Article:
All prerace intentions to run tall and relaxed went out the window.  I did make up some ground in the middle section but my normal surge over the last part of  a race just wasn't there . 

A timing near to my 2010 best of 20.20 was way gone and with the uphill finish I couldn't even nudge under 21 mins. finishing a few seconds over.   Not a total disaster but certainly a tad under par personal performance.  Some consolation though is the fact that we apparently managed 3rd place, a set of bronze medals, in the team competition. 
 Not that we think for an instant we are the 3rd best M60 in Britain. I can name at least 5 M60 squads in the north that would have beaten us.   But they didn't turn up did they?

  There was much talk of the course adding up to a minute onto times but I am more concerned about how uncomfortable I felt.   I shall certainly have to reassess the use of the preventive inhaler on hot days such as this.  
  I'm writing this on Monday evening having just run 3 miles at a pace 2 minutes slower than yesterday's race pace . Felt OK but on blowing into the peak flow metre which we asthmatics use to measure output it showed a quite low 390.   I speak to quite a few runners who have inhalers but don't always use them. I certainly will be using my preventive inhaler twice daily and taking into the reliever inhaler before running.  I always carry it just in case.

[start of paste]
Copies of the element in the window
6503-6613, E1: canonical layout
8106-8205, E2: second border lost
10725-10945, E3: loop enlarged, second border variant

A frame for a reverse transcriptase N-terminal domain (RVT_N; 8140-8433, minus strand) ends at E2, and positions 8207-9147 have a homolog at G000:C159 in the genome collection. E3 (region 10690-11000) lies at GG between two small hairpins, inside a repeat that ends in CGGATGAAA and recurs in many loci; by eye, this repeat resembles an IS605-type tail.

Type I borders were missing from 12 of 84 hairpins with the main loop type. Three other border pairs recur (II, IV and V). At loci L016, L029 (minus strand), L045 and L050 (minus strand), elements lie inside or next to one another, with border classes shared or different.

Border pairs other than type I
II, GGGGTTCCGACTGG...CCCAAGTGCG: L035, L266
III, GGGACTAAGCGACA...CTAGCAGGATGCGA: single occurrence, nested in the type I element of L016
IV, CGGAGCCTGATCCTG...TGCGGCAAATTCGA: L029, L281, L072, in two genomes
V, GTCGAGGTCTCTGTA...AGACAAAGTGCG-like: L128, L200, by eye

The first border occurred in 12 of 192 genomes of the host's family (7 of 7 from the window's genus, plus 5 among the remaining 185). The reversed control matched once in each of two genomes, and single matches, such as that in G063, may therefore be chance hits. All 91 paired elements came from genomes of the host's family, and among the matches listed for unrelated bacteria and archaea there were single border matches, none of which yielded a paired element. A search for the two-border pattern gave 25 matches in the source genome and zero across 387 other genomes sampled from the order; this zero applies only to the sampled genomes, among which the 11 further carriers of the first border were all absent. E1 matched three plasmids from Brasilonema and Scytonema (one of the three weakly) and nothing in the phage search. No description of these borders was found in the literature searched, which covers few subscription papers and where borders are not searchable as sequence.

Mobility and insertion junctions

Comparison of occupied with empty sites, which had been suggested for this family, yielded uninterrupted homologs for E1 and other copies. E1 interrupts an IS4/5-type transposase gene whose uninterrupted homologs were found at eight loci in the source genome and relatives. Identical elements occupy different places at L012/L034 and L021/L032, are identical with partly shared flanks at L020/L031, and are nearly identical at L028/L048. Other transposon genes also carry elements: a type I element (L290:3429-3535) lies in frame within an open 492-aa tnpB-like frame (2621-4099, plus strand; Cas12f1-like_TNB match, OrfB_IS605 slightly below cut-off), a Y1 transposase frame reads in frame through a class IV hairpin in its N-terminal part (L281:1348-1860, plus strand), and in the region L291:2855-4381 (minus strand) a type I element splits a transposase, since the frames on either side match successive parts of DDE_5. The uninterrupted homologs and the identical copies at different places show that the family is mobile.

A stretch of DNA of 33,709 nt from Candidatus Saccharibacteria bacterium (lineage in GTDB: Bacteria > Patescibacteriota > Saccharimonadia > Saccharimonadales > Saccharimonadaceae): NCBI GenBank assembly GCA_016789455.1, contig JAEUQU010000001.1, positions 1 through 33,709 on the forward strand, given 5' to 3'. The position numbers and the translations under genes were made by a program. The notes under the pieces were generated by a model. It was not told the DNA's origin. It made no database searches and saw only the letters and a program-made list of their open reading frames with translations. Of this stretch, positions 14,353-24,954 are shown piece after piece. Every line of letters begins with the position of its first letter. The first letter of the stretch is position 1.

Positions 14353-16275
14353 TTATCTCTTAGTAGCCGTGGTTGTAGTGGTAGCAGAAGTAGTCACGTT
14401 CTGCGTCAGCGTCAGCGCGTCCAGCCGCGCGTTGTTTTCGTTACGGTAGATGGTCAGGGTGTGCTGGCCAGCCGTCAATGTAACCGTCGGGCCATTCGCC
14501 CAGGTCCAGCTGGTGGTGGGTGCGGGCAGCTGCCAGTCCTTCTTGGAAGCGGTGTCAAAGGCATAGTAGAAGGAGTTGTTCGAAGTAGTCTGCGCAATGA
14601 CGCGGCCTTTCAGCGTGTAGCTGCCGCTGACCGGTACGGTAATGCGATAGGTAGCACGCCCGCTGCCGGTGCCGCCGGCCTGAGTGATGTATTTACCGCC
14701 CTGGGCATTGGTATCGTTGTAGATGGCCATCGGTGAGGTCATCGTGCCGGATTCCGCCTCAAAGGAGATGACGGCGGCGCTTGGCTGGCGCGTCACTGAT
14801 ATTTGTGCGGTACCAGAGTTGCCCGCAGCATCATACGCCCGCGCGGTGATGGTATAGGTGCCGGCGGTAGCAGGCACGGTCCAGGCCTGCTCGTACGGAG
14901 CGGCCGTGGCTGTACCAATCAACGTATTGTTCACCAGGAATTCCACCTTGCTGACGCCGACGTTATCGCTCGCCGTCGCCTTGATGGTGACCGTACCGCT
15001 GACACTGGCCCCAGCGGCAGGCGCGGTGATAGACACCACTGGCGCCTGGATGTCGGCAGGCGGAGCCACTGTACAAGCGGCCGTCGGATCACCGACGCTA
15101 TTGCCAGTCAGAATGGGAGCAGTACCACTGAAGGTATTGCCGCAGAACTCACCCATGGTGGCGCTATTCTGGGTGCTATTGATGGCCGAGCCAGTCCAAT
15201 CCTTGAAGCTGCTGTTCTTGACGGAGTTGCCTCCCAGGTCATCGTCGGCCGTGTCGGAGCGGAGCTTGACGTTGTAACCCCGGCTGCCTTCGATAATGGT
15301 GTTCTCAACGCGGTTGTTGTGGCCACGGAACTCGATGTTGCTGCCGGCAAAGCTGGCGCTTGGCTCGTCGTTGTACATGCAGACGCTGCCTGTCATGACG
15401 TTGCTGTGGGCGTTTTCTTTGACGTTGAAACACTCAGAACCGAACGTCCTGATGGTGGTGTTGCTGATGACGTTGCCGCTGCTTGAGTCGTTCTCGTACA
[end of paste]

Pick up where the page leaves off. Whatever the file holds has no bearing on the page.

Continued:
I will be surprised if the BMAF ask Horwich Council to host these championships again as so many competitors were disappointed with so many aspects of the organisation.  I am told even the presentation  left much to be desired. 

Saturday, 19 June 2010

Lancashire bound.........again!

 Certain occurrences over the last 48 hours prompted me to ask Pat to name for me any memorable athletics TEAMS she could recall.  Her response was....
  "that 4 x 400 GB team"
"which one?, I asked.
"the one with the Welsh guy in it"
"Which Welsh guy, Ewan Thomas?"
"No, Jamie Bolt!"
"You mean Usain Bolt?"
"No, he's not Welsh!"
"You mean Jamie Baulch"
             So basically I said, you can't name a memorable athletics TEAM.   But anyone can call to mind dozens of outstanding athletics INDIVIDUALS.    Coe, Cram, Ovett, Elliott, Bikile, Aouita, Moses, Owens, Carl Lewis,  Ron Clarke, Bannister, Herb Elliot etc etc etc.
   The point being athletics is essentially an individual sport.   When you look back on what you've achieved you will think foremost of individual  triumphs  whilst perhaps also having some good team performances to speak about.   I'm proud of team titles won at Sale first time around,  marathon successes as part of a tremendous valley Striders squad and British medals won with Bingley vets. But it's the  personal achievements that will be uppermost in ther mind.